Fred Kiel
Fred Kiel, author of, ‘Return on Character: The Real Reason Leaders and Their Companies Win’

We’ve all been taught the golden rule – “treat others as you want to be treated”. Our parents raise us with the best intentions – they tell us to be nice to one another, and not to step on others to get ahead. But is that actually good advice? Is it better to have high moral character and put others first, or is it a dog eat dog world where nice guys finish last? This week we speak with Fred Kiel, co-founder of KRW International, leadership researcher, and author of the new book, Return on Character: The Real Reason Leaders and Their Companies Win. In this book (and episode), Fred summarizes seven years of research on the connection between the character of the CEO and return on assets. As part of this research, Fred and his team embarked on a landmark study of more than 100 CEOs and over 8,000 of their employees’ to determine once and for all if the character of a leader really has an impact on a company’s financial success.

Prior to focusing on business advising, Fred founded a successful private practice in Minneapolis which became the major employer of professionals in that market. His interest in business advising eventually won out, and a bit over two decades ago, he sold his practice and co-founded KRW International.

Fred has served on the boards of several philanthropic organizations, including Augsburg College Youth and Family Institute, Graywolf Press, Walk-In Counseling Center, and the Lyra Concert. He currently serves on the board of the Eagle Bluff Environmental Learning Center. He also served on the adjunct staff of the Center for Creative Leadership for nearly ten years and served two terms on the Board of Psychology for the state of Minnesota.


“We are born to be both self-concerned and to be concerned for the common good. Which one of those sides ‘wins’ is dependent upon our environment and our experiences as we grow up.”

– Fred Kiel

Quotes from Fred:

[shadowbox]“Con artists are those people that have a high level of emotional intelligence but very little integrity.”

“Human infants are in fact born to be moral. We are social animals. It’s so wired into our DNA that the first thing a human infant does upon birth is try to connect with it’s mother.”

“If leaders honor the 4 moral principles in their leadership behavior, those are the leaders that will get the better long term, sustained business results.”

“The strong character leaders are ones that had good role models earlier in their life. Whether it was their parents, a sibling, a boss, or a mentor – they followed after people who were of strong character.”[/shadowbox]

What we learn in this episode:

  • What does it take to be a strong leader?
  • What does it mean to be moral?
  • What are the 4 moral principles?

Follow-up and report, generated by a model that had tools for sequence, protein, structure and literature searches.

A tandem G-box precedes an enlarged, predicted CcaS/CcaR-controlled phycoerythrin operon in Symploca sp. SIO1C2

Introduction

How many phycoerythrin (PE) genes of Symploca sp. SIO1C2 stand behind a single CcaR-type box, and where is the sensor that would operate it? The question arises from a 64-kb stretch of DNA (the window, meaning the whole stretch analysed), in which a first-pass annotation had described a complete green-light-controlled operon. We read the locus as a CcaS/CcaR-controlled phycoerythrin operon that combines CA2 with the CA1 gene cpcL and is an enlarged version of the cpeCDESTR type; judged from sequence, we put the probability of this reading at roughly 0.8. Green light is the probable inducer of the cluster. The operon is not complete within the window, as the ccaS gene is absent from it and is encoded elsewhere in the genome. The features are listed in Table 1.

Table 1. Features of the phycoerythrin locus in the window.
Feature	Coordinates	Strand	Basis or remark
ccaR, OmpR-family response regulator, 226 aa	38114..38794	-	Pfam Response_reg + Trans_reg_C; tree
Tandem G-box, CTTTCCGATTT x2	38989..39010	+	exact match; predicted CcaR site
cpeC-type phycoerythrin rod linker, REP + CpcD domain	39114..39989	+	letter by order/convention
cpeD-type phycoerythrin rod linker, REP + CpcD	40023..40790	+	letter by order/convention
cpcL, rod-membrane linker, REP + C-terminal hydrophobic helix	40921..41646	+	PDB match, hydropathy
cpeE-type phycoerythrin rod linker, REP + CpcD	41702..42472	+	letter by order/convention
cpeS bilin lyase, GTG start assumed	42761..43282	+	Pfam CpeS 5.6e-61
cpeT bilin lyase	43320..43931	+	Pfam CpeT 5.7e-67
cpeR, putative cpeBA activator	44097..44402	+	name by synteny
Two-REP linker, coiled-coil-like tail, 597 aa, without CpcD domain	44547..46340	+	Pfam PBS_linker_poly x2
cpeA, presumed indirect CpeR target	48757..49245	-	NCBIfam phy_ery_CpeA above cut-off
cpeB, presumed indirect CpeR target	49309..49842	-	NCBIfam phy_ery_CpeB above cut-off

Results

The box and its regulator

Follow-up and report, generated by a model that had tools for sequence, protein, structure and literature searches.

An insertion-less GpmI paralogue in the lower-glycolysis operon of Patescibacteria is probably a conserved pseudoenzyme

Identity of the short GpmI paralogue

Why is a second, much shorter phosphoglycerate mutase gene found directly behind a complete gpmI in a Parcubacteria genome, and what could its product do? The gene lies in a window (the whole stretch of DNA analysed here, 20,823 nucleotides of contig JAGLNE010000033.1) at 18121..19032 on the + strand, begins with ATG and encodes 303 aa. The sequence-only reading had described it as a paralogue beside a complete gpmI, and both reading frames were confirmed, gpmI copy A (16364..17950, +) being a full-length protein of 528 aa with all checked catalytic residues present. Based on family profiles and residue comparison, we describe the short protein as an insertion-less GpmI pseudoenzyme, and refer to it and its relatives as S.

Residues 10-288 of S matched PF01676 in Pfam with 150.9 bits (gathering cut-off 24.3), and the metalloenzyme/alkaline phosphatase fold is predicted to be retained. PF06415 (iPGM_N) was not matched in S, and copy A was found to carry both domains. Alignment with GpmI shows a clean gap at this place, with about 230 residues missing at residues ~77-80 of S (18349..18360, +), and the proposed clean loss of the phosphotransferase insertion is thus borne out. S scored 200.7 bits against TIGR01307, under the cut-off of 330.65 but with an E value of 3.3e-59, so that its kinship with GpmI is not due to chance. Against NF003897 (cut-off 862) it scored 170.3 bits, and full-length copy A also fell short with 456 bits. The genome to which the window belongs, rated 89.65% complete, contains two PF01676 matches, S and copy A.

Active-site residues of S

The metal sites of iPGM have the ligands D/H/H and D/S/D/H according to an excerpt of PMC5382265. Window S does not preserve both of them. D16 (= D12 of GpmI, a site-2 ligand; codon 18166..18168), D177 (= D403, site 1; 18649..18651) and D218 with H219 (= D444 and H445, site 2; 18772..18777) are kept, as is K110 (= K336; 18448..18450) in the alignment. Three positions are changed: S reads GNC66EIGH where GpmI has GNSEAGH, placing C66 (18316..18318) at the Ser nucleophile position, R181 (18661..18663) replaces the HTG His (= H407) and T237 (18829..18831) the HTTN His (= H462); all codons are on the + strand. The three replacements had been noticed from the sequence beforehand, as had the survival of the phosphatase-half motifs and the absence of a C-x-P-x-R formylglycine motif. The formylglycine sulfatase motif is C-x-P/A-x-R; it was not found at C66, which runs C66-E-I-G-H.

• What are the two eulogies that you have and how do you want to shape them?


Return on Character: The Real Reason Leaders and Their Companies Win

Fred Kiel TedX Talk

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Comments (3)
  1. Great guest as usual. But the repeating comments “I believe/I don’t believe that” and “I like/I don’t like that” really bothered me. Lots of the points were not up to your preference. Much like it doesn’t matter whether or not you believe in relativity or evolution. A theory doesn’t prove it more reliable or less so based on someone’s preference; especially when it’s obvious that the host didn’t get the point at the first place. Although such comments are fine privately, I don’t think it helps further the discussion.

    Also, many examples that the host gave to prove his point are fallacious. For instance, I don’t think it’s fair to say that Steve Jobs doesn’t care about people. How can apple come up with such beautiful human oriented designs without one of their foremost thinker caring about people? He probably deserve lots of other criticism, but it’s definitely a stretch to use him as an example of immorality.

    Overall for the podcast, there are too much personal perception that are not carefully thought through during many of the conversations. I like the personal touch of the show but I wish they’re better weighted and delivered so as to help deliver the wisdom of the guests. The passion is contagious. But since it’s called Smart People podcast, perhaps sometimes it’s important to keep it rational.

    I hope this doesn’t sound too harsh. I’ve been listening to the show since day one and I’m always impressed by the amazing pool of guest. As the tag line goes, it really satisfies my curious mind 🙂 I only wish the interaction between the host and the guest can be polished more to bring the best out of the conversation.

    • Based on what I have seen, heard and read, Elon Musk is an exceptional human being in terms of talent, intellect, integrity and fairness. I feel like the light chosen to represent him in this interview was unfortunate, and at least somewhat inaccurate, as I doubt anyone more familiar with his philanthropic aspirations would group him along with “…eccentric, kind of whackos that don’t necessarily connect with the human.”

      On the contrary, as a complete stranger to Elon Musk, I feel a deep human connection with him, his teams, and to those things they are trying to accomplish. It seems to me that many of his companies/projects were established, perhaps primarily, because he has ‘concerned himself with the human aspect’ of things. I hope the interviewer will reconsider his position on this matter.

      In addition, I agree with the constructive criticism offered by Ling. As another ‘day one’ listener, I value the podcasts continued efforts to improve both the quality and content of the interviews. Please do keep up the good work!

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